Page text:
Making Waves


Blonde Ambition

Ariel’s flowing red hair is as familiar to Disney fans as Mickey Mouse’s ears, but did you know she was nearly a blonde?

When writer/directors Ron Clements and John Musker told the boss of Disney Animation about their idea for the movie in the mid 1980s, there weren’t too many movies about mermaids except one – a 1984 hit starring Tom Hanks called Splash. It was also made by Disney and starred blonde actress Daryl Hannah as Madison the mermaid.

Tow blonde mermaids from one studio wouldn’t do, so artists quickly gave Ariel a flame-haired makeover.

Animation’s dark history

Ariel, Sebastian and their friends were responsible for making animation big business again. Disney hadn’t been doing well since Walt Disney died – The Jungle Book, released in 1967, was the last movie he worked on.

The classic animated Disney movies like Lady and the Tramp, Dumbo, Cinderella, Snow White and Peter Pan had all come out in the 1940s, 50s and 60s, and the movies the studio made in the 1970s and 1980s like Oliver and Company, The Fox and The Hound, The Great Mouse Detective and The Rescuers weren’t nearly as popular. There was even talk of Disney going broke!

Ron Clements, who started with Disney in 1974 when he was 20, says “It was kind of a dark period at Disney.” He describes himself and creative partner John Musker as the new generation starting there when the older animators who’d worked with Walt were retiring.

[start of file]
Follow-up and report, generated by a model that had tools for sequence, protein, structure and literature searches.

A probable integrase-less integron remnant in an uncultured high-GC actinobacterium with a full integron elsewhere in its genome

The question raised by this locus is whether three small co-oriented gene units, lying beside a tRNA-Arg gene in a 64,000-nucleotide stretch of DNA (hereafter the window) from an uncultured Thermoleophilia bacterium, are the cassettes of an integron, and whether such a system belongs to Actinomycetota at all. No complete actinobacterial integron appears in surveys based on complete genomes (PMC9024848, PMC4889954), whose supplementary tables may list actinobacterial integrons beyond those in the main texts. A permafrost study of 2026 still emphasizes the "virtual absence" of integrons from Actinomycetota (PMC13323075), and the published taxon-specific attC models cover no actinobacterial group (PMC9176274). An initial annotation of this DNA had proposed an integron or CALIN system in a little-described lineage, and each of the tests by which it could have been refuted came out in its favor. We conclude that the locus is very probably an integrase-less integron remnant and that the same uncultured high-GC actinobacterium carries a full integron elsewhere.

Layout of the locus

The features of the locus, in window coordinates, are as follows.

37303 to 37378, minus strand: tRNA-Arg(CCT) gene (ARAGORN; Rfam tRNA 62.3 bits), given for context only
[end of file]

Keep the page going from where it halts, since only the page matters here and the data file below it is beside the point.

“We tried to absorb the lessons from those older guys,” John Musker says. “We tried to learn about sincerity and believability, but the stories had become weaker in the 60s and 70s. We were really trying to get back to the strong stories of those classic films.”

When The Little Mermaid was released in 1989, it was the beginning of a huge turnaround. It cost $40 million (a lot for an animated movie) and made over $220 million worldwide! From there every animated movie Disney released was a hit, from Beauty and the Beast and Aladdin to The Lion King, which made almost a billion dollars!

The real world

Nowadays, computer artists create clips of footage called animatics – really simple shots that will appear in the final movie, but without most of the detail like backgrounds, hair or skin, facial expressions or sound.

When the directors decide what looks the best, the animation teams responsible for the surfaces, colours, movement, lighting and shadow and a hundred other details add everything that brings the scene to life.

But computer generated imagery (CGI) wasn’t so widely used in 1989, and The Little Mermaid was all hand-drawn. So to plan out the angle and movement in the shots, Ron Clements, John Musker and the animators had real performers act out the scenes, even speaking the dialogue.